Jason Khoo - Marketing, It Takes A While

Marketing – It Takes A While

I had a rewarding conversation with my client this morning. We talked about how events and emails we sent out months ago were starting to show results now. I must say learning this was a sigh of relief, but also breathed life into the high quality work I try putting in.

Whether it be link building, search engine optimization, blogging, or just outreach, Marketing takes time. My client would visit farmer markets in the Fall of 2013 and he started to see a steady stream of customer returning back in the Spring and Summer of 2014. Emails I sent out to bloggers were done in early Summer and bloggers were starting to roll in the Fall Time.

It takes time. Building leads, getting links, and finding customers. My advice is to use a strategy of short term gains with long term high quality contacts. Run quick campaigns that will bring a shot of consumers flying in, but make sure to take time out of every month to find the best events or leads.

Leads can be in the form of conventions, events, bloggers, journals, publishers, networking organizations, pretty much anything. However, this requires research, what you need to do is identify and reach out. It’ll take a while, but once you get one things will start snowballing.

All Marketing Boils Down to Outreach

All Marketing Boils Down to Outreach

I had a thought today while working on some client work. I’ve spent the last two years helping my clients create materials and content. However, I realized that what often is not emphasized enough is outreach.

Outreach? The hec is that.

What I mean by outreach is the concept of sending emails, interacting with other businesses and blogs to gain connections. I think we often forget that marketing is for people. It is not sticking a piece of paper on a cork board and hoping that people will come running to you. (Yes this works, but only for a limited time)

Marketing encompasses some cold calling and sales. Find those who are your industry leaders, those who are your community leaders, and connect with them. Interact in order to gain an opportunity to expose your business to new customers and new businesses.

How Do You Do This Outreach?

Outreach is vital, but one of the most time consuming and meticulous tasks for marketing. The best way to reach out and connect with people is to look on the internet, especially social media. Social Media makes it insanely easy to connect with people.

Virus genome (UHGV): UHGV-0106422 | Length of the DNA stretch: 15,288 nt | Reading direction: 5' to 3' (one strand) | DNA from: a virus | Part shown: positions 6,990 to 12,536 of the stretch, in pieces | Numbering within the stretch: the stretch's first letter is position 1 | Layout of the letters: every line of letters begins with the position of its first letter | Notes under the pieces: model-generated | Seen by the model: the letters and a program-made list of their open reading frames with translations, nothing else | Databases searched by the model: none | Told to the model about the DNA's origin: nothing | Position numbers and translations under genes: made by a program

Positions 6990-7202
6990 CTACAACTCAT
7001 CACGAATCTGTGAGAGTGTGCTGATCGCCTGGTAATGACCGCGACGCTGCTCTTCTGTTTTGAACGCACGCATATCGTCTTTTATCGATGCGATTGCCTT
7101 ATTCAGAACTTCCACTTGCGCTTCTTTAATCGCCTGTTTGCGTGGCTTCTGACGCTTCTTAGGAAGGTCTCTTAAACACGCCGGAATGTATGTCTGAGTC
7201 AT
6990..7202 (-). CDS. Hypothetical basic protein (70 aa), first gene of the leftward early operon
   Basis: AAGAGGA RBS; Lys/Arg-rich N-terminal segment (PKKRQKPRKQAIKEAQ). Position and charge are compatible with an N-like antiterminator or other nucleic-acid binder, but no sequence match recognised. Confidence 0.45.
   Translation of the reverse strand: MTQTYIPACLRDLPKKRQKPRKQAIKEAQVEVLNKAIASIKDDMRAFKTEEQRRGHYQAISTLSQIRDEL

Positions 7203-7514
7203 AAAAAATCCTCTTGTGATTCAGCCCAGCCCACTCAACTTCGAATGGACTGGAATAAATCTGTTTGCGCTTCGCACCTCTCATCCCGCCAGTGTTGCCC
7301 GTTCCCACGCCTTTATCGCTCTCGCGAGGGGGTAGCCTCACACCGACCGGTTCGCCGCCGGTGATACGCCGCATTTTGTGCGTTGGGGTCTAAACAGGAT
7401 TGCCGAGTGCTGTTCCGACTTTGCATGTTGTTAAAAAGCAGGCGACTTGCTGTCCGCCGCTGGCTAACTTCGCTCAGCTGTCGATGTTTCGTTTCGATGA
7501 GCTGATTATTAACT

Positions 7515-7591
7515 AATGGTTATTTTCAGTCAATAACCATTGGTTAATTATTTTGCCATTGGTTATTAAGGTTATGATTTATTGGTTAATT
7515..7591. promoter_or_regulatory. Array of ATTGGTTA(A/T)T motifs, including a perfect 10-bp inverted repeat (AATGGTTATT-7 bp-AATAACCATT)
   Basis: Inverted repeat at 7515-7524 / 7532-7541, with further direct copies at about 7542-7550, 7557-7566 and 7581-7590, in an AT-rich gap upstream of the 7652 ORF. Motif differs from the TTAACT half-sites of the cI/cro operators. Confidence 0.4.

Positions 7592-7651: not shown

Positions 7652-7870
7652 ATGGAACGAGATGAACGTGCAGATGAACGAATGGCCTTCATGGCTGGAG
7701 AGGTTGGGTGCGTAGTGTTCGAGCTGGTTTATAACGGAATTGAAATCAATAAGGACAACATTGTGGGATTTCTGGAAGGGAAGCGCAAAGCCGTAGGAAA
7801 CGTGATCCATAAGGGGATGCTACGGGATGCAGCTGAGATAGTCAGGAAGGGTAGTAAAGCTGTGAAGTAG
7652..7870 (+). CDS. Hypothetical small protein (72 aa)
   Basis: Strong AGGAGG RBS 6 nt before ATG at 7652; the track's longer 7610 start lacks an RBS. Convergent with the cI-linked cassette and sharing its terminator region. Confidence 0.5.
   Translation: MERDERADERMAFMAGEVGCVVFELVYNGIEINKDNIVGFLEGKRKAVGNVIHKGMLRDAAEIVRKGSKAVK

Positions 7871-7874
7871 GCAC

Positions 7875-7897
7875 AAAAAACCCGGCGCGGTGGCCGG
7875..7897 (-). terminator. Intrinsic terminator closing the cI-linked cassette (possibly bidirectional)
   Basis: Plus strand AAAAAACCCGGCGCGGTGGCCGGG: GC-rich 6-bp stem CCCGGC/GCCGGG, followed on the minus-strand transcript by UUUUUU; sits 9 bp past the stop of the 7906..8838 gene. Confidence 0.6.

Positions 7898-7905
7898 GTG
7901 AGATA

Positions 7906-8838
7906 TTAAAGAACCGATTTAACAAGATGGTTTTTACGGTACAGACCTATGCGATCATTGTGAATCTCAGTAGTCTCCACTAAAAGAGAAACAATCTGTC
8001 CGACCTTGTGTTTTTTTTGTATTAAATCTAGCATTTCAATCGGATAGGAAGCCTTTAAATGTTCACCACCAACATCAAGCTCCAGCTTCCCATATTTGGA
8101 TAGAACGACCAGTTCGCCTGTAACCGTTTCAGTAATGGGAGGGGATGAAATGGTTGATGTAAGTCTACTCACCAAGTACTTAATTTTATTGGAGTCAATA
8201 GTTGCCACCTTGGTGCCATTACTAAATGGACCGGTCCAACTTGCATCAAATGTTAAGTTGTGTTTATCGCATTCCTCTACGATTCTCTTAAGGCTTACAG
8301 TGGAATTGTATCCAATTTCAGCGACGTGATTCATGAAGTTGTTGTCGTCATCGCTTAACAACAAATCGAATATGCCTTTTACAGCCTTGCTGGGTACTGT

Find those who are the leaders of your industry. For example, find the best food bloggers or the best parenting newsletters. If you find the best, you will find a multitude of other people following them as well.

So it’s often hard to connect and communicate with the best because they are bombarded with thousands of people trying to get a hold of them. If your starting out too, it’s not likely you’ll be able to get their attention. Don’t worry though, there is more.

Look through those who are following and see if any of them are mid level leaders or better yet, local leaders. It’s easier to connect with those that are in proximity or those that are not so famous yet. These people are much more willing to connect because they have the time.

Though I am a believer in go big or go home, you got to start somewhere and sometimes the best is to start building small.

How Do You Connect?

This is one where you shouldn’t over think it. This is where you send that email, private message, or comment asking for some sort of connection. Remember though, know what you are asking for, whether it be a link, product review, or a coffee.

Just make sure you don’t sound like spam or too generic. Remember people always love new opportunities, but these opportunities need to sound real and from a person. So sound real, and like a person 🙂

3 Easy Tips to Link Building - Jason Khoo

3 Easy Tips to Linkbuilding

I’ve just spent the last two hours writing about SEO for my company’s blog so I’m in the mood for more SEO talk. Link building is one of those areas of online marketing that seems to get the least attention, however, it probably is one of the most important and effective.